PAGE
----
Ceramic Production Studio

Posted by on Jun 13, 2014 in Blog | 1 comment

Ceramic Production Studio

Dishes Drying in the Sun

Hands are never without work in San Antonio de Ibarra, a mountainside village overlooking the city of Ibarra in Ecuador’s Imbabura provence.  In May 2014 Circle on the Square teamed up with Ecuadorian painter Diego Buitron  who graciously helped us find our way through San Antonio’s roads to find places hard to discover by anyone unfamiliar with the village.  We traveled to a workshop where the artisans create pots and bakeware by hand using molds.

Shaping Clay in a Mold

First the clay is mined, but as we found out it is  actually not clay that is taken from the deposit areas, but large rocks that must be carried in strong sacks, put on  a truck  and delivered to the workshop to begin the process of creating the clay.  The large rocks must be pulverized and ground down to a powder before water is added to make the proper consistency for pressing the clay into molds. Exactly the right amount of water must be used or the process will not be successful. The artisans know from years in the business how to arrive at the proper consistency.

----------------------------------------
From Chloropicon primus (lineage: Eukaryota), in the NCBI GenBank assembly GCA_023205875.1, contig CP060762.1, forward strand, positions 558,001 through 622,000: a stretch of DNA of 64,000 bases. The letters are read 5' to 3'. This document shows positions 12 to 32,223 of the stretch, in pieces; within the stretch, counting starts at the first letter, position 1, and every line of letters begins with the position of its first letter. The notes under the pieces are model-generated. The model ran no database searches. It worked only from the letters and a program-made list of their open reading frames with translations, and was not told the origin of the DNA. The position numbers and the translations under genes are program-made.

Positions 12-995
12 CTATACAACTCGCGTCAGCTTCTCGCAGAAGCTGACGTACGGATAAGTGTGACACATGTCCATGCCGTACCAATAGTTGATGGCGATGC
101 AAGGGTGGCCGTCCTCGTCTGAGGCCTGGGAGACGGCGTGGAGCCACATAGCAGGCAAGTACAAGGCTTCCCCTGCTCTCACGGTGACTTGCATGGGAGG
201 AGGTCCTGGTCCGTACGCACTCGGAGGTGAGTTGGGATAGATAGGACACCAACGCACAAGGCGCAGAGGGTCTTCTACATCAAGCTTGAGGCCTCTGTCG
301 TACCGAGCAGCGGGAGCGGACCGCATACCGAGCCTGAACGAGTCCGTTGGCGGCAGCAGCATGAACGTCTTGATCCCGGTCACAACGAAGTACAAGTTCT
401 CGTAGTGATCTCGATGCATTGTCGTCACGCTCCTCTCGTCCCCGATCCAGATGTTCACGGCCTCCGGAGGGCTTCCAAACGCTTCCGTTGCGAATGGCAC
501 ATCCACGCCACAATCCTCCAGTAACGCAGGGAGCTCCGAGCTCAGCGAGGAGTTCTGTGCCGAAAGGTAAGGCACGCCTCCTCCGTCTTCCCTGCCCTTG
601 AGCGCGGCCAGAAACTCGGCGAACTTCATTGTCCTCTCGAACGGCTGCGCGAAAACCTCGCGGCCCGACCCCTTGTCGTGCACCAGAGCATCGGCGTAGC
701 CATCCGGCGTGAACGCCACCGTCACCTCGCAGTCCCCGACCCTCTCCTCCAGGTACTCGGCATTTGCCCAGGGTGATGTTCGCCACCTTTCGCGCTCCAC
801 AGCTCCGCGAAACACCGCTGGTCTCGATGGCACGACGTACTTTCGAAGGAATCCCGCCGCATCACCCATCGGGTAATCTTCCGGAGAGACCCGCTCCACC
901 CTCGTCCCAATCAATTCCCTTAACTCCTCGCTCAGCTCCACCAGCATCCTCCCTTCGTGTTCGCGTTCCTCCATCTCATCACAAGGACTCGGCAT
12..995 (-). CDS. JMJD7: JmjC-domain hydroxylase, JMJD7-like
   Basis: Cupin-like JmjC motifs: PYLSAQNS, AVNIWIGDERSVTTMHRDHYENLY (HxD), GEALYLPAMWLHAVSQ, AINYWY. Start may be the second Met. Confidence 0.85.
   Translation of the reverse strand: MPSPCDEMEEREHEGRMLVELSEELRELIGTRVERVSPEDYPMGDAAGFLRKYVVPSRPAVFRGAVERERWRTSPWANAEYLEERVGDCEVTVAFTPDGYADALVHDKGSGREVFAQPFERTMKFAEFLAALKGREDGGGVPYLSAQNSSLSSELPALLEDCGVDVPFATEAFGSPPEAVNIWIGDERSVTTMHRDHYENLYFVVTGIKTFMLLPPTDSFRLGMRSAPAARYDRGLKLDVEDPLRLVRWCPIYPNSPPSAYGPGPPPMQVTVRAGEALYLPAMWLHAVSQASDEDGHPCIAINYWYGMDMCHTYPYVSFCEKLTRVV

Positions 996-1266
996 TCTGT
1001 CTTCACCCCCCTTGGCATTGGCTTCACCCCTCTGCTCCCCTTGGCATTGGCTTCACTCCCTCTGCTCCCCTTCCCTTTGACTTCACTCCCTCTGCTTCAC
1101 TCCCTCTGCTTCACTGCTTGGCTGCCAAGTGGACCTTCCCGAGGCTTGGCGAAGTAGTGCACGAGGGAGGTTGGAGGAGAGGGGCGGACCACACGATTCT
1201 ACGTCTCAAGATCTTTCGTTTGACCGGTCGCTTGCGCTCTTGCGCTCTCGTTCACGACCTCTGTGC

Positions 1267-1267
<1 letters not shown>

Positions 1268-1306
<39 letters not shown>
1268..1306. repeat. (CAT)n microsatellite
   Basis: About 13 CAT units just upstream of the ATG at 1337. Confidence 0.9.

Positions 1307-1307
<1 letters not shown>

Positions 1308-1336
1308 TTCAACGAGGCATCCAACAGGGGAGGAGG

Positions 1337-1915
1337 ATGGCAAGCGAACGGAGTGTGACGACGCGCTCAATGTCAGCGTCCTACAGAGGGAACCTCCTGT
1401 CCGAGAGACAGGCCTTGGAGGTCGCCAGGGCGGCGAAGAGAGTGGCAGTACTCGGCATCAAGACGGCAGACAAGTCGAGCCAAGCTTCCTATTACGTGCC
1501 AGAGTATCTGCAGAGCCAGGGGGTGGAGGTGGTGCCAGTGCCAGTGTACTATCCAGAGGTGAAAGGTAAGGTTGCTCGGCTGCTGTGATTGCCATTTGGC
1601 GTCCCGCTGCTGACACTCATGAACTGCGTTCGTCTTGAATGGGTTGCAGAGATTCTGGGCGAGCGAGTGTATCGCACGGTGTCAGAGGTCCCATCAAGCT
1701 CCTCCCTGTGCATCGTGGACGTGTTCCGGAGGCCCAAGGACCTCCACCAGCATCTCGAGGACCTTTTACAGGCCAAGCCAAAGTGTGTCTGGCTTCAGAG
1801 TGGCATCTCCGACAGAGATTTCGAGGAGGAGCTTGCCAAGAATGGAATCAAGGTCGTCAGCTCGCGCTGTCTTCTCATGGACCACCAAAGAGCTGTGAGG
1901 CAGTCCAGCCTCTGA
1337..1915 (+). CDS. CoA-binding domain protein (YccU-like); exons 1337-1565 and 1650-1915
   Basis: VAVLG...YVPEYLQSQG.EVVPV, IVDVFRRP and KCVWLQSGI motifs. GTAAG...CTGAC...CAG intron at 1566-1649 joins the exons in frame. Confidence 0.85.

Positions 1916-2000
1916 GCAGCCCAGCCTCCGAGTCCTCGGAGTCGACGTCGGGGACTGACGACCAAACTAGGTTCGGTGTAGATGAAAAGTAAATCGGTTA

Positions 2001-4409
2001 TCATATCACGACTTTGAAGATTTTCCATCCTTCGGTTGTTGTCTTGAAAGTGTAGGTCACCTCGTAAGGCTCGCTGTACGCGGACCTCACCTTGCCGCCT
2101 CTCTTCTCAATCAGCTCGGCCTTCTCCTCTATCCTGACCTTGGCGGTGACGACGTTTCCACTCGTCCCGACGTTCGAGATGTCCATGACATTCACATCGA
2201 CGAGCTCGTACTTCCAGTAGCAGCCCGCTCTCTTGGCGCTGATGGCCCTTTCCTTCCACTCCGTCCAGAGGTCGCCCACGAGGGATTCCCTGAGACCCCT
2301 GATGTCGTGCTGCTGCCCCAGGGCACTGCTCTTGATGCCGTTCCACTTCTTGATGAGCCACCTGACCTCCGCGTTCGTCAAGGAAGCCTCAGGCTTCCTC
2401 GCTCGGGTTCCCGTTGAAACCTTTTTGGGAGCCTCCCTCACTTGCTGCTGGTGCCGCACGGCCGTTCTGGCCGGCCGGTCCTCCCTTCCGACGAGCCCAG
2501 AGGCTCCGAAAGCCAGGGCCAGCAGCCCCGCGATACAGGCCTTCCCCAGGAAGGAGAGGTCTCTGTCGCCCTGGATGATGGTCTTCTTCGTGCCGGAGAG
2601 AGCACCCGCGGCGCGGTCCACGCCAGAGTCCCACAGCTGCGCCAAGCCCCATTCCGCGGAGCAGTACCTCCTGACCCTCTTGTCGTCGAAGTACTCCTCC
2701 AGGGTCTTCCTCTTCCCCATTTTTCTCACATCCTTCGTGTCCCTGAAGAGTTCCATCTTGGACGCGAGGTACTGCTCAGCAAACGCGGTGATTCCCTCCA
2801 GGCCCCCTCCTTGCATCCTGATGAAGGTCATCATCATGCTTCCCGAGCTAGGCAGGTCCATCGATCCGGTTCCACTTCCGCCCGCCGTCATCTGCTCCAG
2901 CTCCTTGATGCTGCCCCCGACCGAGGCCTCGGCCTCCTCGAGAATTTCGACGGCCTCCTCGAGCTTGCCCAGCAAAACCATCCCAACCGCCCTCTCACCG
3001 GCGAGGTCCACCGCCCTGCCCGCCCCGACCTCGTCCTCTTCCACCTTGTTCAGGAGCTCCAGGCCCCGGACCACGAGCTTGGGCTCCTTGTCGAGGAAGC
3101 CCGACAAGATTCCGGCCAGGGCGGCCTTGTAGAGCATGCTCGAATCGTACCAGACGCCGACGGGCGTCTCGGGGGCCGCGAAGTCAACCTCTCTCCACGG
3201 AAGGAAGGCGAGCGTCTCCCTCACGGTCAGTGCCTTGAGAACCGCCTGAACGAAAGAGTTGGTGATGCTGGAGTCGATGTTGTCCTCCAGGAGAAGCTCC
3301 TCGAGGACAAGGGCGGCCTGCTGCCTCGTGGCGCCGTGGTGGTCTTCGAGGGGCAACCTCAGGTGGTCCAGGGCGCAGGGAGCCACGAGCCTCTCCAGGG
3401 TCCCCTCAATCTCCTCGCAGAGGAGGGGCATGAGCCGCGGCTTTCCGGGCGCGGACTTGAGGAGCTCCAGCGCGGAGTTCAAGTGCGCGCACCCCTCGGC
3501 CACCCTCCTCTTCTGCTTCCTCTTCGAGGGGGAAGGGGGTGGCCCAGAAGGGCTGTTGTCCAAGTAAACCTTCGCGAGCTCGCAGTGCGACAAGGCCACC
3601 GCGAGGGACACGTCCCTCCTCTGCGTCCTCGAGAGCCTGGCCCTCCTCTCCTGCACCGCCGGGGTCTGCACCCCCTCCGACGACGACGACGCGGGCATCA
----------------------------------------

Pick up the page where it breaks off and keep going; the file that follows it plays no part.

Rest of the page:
When the clay is ready it is pressed into molds and then workers use a series of tools as well as their fingers to shape and smooth the inside of each vessel.  Once the piece is completely shaped each mold is placed in the sun to dry for a day or two before the clay dries enough to easily be released from its plaster mold.  The pieces are then fired.

Kiln Room

While there once were hundreds of such studios in generations past, only two studios remain active in San Antonio de Ibarra at present day.  The studio is a family owned business which manufactures pots and cookware for custom orders by hotels and restaurants.  Few people get to tour the studio, so I felt quite privileged to be allowed to visit and I think our tour group enjoyed the place as much as I did.









One Comment

  1. Thanks so much for the information, Julie! I was not aware that San Antonio was the home to potters and such…because i have always sought out the wood carvers in their ‘native habitat’ and so enjoyed them.

    Also, i never heard of making clay…Have always seen it in the pliable state and assumed it came from clay banks such as we had in Western Pennsylvania and was used by potters throughout the tri-state area for many years. Great to know this!

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